Bread Loaf Mountain Campus

A view to the Green Mountain range.

A view to the Green Mountain range, with a ski meet set up in the background.

Middlebury College’s Bread Loaf Mountain Campus sits in the hills of Ripton, Vermont, among the Green Mountains and Robert Frost’s country. Driving by, you could not miss this striking collection of matching buildings with yellow ochre wood cladding and deep green shutters, mostly in meticulous condition. What started as a summer resort in the 1860s by Joseph Battell, a prominent Middlebury resident, became the Bread Loaf School of English in 1915. Robert Frost lectured at the school from 1921 – 1963. In the summers, the campus hosts the Bread Loaf Writers’ Conference. In the winter the Rikert Nordic Ski Center operates out of the campus. It’s a beautiful site, winter or summer.

One of the many residential cottages on the campus.

One of the many residential cottages on the campus.

Steamboat type porches adorn this campus residence.

Steamboat type porches adorn this campus residence.

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Another view of unique windows and impressive porches.

These diamond shaped windows are an interesting feature.

These diamond shaped windows are an interesting feature.

Real shutters, original winows, and well maintained buildings are highlights of this campus.

Real shutters, original windows, and well maintained buildings are highlights of this campus.

Utilities are well hidden on these porches.

Utilities are well hidden on these porches.

The Bread Loaf Inn (not a public inn), built in 1861 is in need of more maintenance than the other buildings.

The Bread Loaf Inn (not a public inn), built in 1861 is in need of more maintenance than the other buildings.

A view from the fields (currently used for skiing).

A view from the fields (currently used for skiing).

Bread Loaf Campus is worth a weekend drive if you’re in Vermont, whether you are skiing or sight-seeing.

Preservation Photos #202

A basement store facade in Middlebury, VT.

A basement store facade in Middlebury, VT.

That’s the most inviting basement window I’ve ever seen. And you?

Winter Entrances

January thaw, you were nice while you were here in Vermont. Now we welcome February and the returning cold, snowy weather. Speaking of cold, opening an exterior door in the winter can rush in waves of freezing weather aside from the snow our boots track in the doors. In these cold climate states, winter is beautiful but often messy. Living in Vermont I’ve noticed exterior winter preparations that I haven’t seen elsewhere, whether New York or North Carolina. Most of us remove screens, put on or pull down storm windows, turn off the outside faucets, bring in fair weather plants, add water hog mats at our fronts doors, and keep shovels at hand.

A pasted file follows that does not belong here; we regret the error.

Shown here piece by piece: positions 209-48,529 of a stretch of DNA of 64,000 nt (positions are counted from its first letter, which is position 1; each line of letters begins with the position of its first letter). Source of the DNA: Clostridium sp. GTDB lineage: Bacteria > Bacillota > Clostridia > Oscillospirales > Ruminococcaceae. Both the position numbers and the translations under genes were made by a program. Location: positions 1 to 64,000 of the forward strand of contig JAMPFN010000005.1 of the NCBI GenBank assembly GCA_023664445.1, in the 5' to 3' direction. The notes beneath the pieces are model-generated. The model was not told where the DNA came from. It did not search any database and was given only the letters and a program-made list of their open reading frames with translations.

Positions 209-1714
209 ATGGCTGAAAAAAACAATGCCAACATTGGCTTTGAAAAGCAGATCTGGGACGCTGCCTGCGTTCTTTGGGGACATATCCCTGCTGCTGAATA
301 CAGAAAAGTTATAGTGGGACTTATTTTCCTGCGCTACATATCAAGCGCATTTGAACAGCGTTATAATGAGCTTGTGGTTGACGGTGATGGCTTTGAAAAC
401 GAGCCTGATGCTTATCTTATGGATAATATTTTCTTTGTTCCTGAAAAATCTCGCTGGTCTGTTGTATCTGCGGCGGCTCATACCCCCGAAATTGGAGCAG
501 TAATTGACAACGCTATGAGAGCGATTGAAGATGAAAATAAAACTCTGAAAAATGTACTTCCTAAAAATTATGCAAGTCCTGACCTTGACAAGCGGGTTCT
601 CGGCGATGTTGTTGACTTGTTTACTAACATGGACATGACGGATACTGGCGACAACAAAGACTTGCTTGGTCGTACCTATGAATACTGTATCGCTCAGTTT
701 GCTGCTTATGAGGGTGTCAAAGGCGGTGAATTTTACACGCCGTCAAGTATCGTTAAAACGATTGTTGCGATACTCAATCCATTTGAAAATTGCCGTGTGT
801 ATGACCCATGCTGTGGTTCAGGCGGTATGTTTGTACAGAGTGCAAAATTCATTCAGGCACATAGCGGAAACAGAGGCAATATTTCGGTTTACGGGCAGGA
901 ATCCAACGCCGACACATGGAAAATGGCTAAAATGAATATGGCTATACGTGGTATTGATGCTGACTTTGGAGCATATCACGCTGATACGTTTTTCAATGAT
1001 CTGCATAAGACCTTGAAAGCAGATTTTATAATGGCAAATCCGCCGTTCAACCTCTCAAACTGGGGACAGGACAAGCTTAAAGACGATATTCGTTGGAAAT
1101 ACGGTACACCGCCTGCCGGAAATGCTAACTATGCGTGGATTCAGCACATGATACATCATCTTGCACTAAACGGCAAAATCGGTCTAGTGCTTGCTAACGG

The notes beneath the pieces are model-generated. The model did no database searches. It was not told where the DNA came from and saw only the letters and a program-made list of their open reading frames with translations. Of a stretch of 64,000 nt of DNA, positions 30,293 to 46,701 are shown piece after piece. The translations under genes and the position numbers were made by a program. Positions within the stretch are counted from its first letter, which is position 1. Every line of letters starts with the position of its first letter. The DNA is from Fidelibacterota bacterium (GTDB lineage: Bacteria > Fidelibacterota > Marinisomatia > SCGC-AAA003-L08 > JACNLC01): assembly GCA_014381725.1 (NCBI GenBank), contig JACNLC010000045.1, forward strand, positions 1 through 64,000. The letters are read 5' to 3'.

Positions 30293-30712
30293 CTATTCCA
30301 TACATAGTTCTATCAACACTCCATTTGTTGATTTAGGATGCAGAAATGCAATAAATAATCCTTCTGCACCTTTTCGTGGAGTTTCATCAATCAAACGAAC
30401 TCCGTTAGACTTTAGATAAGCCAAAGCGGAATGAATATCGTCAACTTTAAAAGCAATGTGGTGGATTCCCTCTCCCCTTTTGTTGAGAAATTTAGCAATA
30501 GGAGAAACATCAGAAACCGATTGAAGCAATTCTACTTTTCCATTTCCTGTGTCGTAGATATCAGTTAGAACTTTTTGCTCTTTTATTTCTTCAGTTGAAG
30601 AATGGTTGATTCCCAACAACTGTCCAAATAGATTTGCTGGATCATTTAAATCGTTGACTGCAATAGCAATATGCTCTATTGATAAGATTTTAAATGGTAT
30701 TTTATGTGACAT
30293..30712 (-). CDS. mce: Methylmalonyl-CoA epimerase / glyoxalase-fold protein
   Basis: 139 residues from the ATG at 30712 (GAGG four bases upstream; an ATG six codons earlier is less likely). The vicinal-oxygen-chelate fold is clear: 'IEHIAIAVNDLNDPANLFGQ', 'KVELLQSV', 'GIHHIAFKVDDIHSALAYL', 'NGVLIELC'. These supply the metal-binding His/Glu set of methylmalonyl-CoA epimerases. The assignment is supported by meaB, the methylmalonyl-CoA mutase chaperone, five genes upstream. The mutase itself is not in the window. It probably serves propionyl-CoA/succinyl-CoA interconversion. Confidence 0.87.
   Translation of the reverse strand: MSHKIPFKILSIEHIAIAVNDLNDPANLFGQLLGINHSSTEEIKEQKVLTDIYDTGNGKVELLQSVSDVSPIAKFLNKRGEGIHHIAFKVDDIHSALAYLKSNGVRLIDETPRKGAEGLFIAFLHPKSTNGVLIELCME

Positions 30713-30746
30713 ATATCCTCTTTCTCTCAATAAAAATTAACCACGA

Montpelier, VT. The entire hooded entrance is removed in the warm weather.

Montpelier, VT. The entire hooded entrance is removed in the warm weather. The fanlight and sidelights of the entrance match those on this historic building. Historic integrity remains intact.

In Vermont, winter preparations go to another level. Lately I’ve noticed that many buildings have temporary winter entrance enclosures (see above). Rather than an open porch, a hooded, walled entrance can be installed on a building. This will provide energy savings, as well allow for less cleaning – take those boots off at the entrance! The Montpelier entrance is a good example of preserving historic integrity, even in the cold weather. Perhaps a good suggestion for residences and businesses. Have you seen any winter entrances where you live? Or other winter preparations?

Middlebury, Vermont

Middlebury, VT. This actually is on the building year round, but it reminded me of the Montpelier example. Anyone from Middlebury? How is this different than it used to be? (This is not a quiz; it’s actually a question.)

Preservation Photos #68

Middlebury Congregational Church in Middlebury, Vermont. Photograph taken in the warmer summer days.